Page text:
To me, Perth was not a place, just like Singapore is not a place in 2046. Yes, there are such places, yes, the characters talked a lot about wanting to go to those places, and yes, ultimately they didn't go there. I talked about Singapore in 2046, that Singapore is not really a geographical place the characters wanted to go but a place of hope that they wanted, likewise, Perth to Harry was not a geographical place, but a place for where Harry could escape to, a hope to him for a better life. It's so much an illusional place, that Harry's description of Perth doesn't sound to be so much like the Perth we all know, just like the use of Singapore in 2046.


The chain of events which follow Harry seemed very much like the chain of events which followed Meng from 12 Storey. The alcohol consumption, the eventual breaking down, the turing violent and a bit keesiao. Only that Perth was very much more violent, with Harry really going to extremes than Meng. Still, I didn't think Harry was extreme enough to claim that his killings were a massacre. Perhaps if he killed really everybody in that KTV lounge then perhaps it can be called a massacre.

Another thing to mention is the use of the typical quiet guy as the person who went mad. I remember reading in some criminal descriptives, most mass murders were claimed to be quiet and unassuming by the people around them, and Harry was no excaption. I think as people, we really cannot tahan so much until we go keesiao. All those pent up frustrations, all those emotions with no place to channel, all those upheavals going on inside you, they all need to be released somewhere, and if there's nowhere to release, well, the conclusion would be like Harry.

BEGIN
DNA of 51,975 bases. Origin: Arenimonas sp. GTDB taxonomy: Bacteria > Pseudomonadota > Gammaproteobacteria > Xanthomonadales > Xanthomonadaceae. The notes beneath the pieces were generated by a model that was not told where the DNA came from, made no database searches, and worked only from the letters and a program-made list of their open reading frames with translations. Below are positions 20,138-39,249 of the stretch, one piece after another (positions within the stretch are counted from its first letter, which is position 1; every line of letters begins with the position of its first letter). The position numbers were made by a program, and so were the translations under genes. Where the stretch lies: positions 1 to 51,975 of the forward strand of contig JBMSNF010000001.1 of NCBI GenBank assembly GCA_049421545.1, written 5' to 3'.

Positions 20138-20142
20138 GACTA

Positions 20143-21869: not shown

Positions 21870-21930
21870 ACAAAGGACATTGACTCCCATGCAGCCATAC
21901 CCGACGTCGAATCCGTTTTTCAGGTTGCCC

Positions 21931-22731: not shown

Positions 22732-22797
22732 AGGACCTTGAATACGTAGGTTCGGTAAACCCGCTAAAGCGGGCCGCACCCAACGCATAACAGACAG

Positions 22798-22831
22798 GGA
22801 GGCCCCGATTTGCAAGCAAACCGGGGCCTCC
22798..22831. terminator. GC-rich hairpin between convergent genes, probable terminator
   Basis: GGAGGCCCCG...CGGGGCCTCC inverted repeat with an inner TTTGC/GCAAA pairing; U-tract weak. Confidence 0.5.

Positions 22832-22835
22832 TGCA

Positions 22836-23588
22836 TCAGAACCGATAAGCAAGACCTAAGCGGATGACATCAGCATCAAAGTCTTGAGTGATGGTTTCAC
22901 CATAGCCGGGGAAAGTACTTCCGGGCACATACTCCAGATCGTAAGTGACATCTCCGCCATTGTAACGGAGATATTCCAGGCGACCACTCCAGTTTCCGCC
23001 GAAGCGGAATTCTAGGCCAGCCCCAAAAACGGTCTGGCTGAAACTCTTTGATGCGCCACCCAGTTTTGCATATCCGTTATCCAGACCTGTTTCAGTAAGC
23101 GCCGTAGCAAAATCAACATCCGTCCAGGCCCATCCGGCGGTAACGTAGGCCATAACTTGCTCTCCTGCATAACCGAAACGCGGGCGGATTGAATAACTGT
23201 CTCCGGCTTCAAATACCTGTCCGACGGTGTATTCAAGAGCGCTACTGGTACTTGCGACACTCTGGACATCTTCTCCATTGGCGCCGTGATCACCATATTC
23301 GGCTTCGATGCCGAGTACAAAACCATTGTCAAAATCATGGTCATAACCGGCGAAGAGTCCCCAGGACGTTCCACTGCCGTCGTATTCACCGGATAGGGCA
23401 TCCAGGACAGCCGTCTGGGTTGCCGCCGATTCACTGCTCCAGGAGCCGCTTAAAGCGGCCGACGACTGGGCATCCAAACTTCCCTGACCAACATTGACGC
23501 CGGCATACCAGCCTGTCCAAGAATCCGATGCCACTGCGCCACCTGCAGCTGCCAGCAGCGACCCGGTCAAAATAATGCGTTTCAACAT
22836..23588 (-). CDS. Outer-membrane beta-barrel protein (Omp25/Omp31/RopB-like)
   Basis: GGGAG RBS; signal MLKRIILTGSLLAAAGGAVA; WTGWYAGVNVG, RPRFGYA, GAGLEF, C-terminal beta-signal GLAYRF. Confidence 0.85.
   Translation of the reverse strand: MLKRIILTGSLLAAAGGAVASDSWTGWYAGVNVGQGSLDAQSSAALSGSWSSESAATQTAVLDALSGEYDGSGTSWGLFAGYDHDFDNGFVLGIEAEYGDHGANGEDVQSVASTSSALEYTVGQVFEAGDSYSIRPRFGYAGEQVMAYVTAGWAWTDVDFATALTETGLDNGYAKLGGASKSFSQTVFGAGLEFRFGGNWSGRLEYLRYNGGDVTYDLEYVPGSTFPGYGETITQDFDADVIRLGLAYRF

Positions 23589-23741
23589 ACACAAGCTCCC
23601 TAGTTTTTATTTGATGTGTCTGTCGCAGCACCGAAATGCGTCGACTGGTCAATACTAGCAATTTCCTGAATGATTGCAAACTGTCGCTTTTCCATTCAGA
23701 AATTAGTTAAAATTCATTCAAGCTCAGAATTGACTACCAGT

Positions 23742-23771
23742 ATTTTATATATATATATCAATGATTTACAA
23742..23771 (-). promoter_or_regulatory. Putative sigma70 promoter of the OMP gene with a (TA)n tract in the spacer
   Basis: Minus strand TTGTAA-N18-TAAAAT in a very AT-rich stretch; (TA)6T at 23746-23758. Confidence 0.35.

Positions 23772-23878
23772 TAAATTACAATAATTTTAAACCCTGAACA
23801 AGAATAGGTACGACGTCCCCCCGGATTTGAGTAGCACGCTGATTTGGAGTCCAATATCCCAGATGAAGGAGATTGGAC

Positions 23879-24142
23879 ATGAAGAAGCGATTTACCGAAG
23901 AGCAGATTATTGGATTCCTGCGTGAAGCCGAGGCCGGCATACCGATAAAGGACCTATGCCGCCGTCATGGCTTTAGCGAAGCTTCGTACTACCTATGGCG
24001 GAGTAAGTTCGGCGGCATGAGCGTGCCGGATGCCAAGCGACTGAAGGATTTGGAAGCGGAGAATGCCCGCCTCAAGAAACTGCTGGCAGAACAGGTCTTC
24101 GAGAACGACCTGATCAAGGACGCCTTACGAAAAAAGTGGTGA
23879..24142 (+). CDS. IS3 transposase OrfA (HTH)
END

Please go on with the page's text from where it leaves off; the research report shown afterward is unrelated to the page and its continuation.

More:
***end of spoilers***

I gave it 8/10 the points deducted for Lim Kay Tong's exceptional English and the a bit too dragy scenes. Maybe it's because I was in the library with the horrible multimedia viewing gallery chairs, so it was horribly uncomfortable. Don't worry, I've did the NEEDS survey and reflected to the upper personnels that the chairs there suck. Hope they will do something about it.

Oh, and by the way, it's said that the release of Perth was postponed in Singapore because of problems with the violence and the sex and the negativities. Or behaps it's because the protagonist was named Harry Lee? There was this little bit I laughed out when AB (who was also a Lee) was ranting on and on to Harry that since they were both Lees, he should look after Harry and so on. hehehe~

Well worth a watch~ There are three copies in the library, so can just go and watch when you have two hours to spare~